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I grew up in San Francisco in the 60’s, living only blocks from The Grateful Dead, The Jefferson Airplane, Janis Joplin – and spending almost every night and weekend immersed in the culture of that amazing time – all music and politics. I attended U.C. Berkeley during the maelstrom of the late 60’s and early 70’s. 

I’d developed a rather romantic notion about criminal defense. It echoed the reformist ethic of my upbringing. It felt consistent with the ‘values’ of my colorful Haight-Ashbury past.  So I made a choice.  Off to law school I went.

So I began my career in law, only to quickly discover my temperament and being a criminal defense attorney were a very bad match. Oil and water. So I fled.

I realized the one other thing I often fantasized about was the world of writers and writing. So I ran away to the circus – Los Angeles in the 80s appeared rather like a circus to my naïve eye – hoping to become the Maxwell Perkins of the screenwriting trade. 

Maxwell E. Perkins was the single most influential book editor of the 20th century.  He single-handedly discovered many of the most prominent American writers of the first half of the last century. During his tenure at Charles Scribner’s Sons, Perkins discovered and nurtured the likes of F. Scott Fitzgerald, Ernest Hemingway, Thomas Wolfe, Ring Lardner, Ezra Pound and James Jones.  “Editor to Author: The Letters of Maxwell E. Perkins” is a brilliant book, filled withg correspondence between Maxwell Perkins and his many authors.

I too wanted to discover great writing talent. I could envision myself nurturing their creativity, championing them to the world and building their careers. I imagined helping many excellent films to get produced along the way. I had a picture in my head, imagined being inspired by a tantalizing collection of creative minds, enjoying a seat at a latter day ‘Algonquin Round Table’.

I was sorely surprised to find it would not be so easy, not nearly so romantic an undertaking.

When I arrived, I knew virtually nothing of “the business” [the entertainment industry] and proceeded to interview with quite a few places, primarily studios. I couldn’t come close to getting a job. I knew no one and knew nothing about the business. They looked at me as if I was a stranger in a strange land.  And it felt strange and foreign.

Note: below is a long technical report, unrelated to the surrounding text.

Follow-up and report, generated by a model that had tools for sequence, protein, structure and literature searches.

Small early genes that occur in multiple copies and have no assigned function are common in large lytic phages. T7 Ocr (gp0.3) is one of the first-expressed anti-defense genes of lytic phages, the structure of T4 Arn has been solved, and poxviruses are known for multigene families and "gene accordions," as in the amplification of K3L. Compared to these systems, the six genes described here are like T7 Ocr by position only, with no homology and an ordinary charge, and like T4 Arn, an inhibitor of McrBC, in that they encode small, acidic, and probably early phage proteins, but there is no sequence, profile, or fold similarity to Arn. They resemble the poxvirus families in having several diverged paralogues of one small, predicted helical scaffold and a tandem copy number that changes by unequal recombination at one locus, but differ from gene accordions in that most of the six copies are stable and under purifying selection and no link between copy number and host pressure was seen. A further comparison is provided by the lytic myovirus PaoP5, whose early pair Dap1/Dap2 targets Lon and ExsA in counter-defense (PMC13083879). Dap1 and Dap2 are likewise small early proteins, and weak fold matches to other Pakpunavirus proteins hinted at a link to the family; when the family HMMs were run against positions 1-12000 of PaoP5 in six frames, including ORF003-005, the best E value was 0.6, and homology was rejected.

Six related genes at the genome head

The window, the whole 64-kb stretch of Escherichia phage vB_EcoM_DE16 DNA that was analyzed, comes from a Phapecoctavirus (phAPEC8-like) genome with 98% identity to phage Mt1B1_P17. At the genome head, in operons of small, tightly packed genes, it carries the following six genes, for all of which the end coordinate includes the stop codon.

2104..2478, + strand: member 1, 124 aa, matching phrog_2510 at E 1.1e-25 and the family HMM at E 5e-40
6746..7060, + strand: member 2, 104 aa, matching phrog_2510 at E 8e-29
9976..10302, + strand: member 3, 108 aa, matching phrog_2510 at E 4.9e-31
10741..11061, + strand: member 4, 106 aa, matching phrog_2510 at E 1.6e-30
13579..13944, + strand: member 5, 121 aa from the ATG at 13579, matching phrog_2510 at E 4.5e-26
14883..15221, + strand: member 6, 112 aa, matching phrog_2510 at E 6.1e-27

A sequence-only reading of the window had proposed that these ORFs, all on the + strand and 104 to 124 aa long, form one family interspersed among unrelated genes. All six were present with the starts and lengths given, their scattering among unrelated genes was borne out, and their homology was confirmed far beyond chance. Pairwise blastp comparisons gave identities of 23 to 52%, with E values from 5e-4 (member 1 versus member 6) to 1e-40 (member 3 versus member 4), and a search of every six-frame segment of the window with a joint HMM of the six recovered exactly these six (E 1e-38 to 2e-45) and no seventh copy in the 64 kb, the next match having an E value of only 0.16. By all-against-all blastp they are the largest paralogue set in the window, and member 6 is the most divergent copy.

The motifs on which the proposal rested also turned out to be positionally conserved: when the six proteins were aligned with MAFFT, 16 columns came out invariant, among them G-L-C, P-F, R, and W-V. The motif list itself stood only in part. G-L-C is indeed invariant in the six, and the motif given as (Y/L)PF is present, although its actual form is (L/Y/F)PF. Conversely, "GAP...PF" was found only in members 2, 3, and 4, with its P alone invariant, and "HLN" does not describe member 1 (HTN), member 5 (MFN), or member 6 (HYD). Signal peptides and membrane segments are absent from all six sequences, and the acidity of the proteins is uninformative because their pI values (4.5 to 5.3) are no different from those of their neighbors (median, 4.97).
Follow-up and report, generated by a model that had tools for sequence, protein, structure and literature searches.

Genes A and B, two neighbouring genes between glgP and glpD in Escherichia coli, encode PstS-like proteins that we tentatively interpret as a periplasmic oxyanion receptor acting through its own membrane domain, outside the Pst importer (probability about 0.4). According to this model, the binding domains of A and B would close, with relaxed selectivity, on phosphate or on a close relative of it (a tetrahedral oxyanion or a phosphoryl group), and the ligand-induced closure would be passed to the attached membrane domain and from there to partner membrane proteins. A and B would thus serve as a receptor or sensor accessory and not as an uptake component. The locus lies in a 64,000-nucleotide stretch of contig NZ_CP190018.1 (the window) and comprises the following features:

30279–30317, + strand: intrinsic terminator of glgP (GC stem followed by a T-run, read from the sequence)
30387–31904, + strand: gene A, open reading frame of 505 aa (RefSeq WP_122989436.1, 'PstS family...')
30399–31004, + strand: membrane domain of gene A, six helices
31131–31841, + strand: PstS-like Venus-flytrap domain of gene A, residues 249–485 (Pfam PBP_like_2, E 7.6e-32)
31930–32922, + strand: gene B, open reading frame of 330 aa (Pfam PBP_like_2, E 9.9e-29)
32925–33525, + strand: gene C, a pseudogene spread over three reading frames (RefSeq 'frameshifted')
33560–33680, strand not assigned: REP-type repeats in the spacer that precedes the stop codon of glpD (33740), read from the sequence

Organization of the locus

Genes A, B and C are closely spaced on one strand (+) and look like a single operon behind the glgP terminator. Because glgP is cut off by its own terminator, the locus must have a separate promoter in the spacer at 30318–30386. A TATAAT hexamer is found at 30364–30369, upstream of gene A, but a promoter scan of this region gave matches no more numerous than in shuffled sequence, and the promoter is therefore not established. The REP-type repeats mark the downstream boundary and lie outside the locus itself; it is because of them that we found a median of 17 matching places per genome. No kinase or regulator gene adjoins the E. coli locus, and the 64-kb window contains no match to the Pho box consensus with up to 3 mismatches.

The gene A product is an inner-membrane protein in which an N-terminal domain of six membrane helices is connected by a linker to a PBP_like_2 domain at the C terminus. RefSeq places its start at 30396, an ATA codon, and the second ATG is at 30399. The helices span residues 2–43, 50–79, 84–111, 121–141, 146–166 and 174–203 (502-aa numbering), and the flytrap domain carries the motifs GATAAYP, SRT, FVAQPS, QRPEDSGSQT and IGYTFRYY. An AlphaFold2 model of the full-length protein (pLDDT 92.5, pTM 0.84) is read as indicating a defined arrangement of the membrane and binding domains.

So I naively thought “oh well, I’ll just start my own company.”  ‘Management’ was a relatively new and unregulated area, so I immediately started a literary management company. I focused on writers and writer-directors, because writing and story were my first loves.  The first few years were lean, to say the least.

I’d long been enamored of both contemporary and classic films. I knew it was the calibre of the writing that separated out those that made a lasting impression on me.

Though impossible to list all that top my list of ‘great’ films, Graham Greene’s “The Third Man” would be near the top of the list. The creative prowess underpinning the unfolding mystery and relationship between Joseph Cotton’s ‘Holly Martins’ and Orson Welles ‘Harry Lime’ remains to this day a perfect fascination.  This is the sort of magic that inspired me to want to discover and champion young film writers.

As much as I admired the work and contributions of directors, actors, producers and others, it is the writer who inhabits the cradle of creation. The process of writing is arduous, mysterious, challenging and inspiring to me.

I managed writers for better than ten years, the first six years just managing, and the last four or more years producing on the side. My initial foray into producing included some fun, if not well-known, small-budget independent films (Cannibal Women in the Avocado Jungle of Death, Pizza Man, a CBS movie-of-the-week Victim of Love starring Pierce Brosnan, among others). My experience with writers, and my desire to collaborate ever more closely, led me to choose producing as a full-time pursuit.

My admiration for writers and the years spent fighting battles on their behalf, giving story notes, making deals and learning how to be their best advocate afforded me the single greatest preparation to be an effective producer… and to develop career strategies that deliver consistent and measurable results.

I’m excited to continue collaborating with writers, developing more exciting films together. The surprise of discovering another brilliant story, another inspired writer, is its own reward.

I’ll be eternally grateful to the many creative and talented writers who’ve entrusted me – as their manager or as their producer – with their work and their careers. I’m certain they’ve taught me far more than I taught them.

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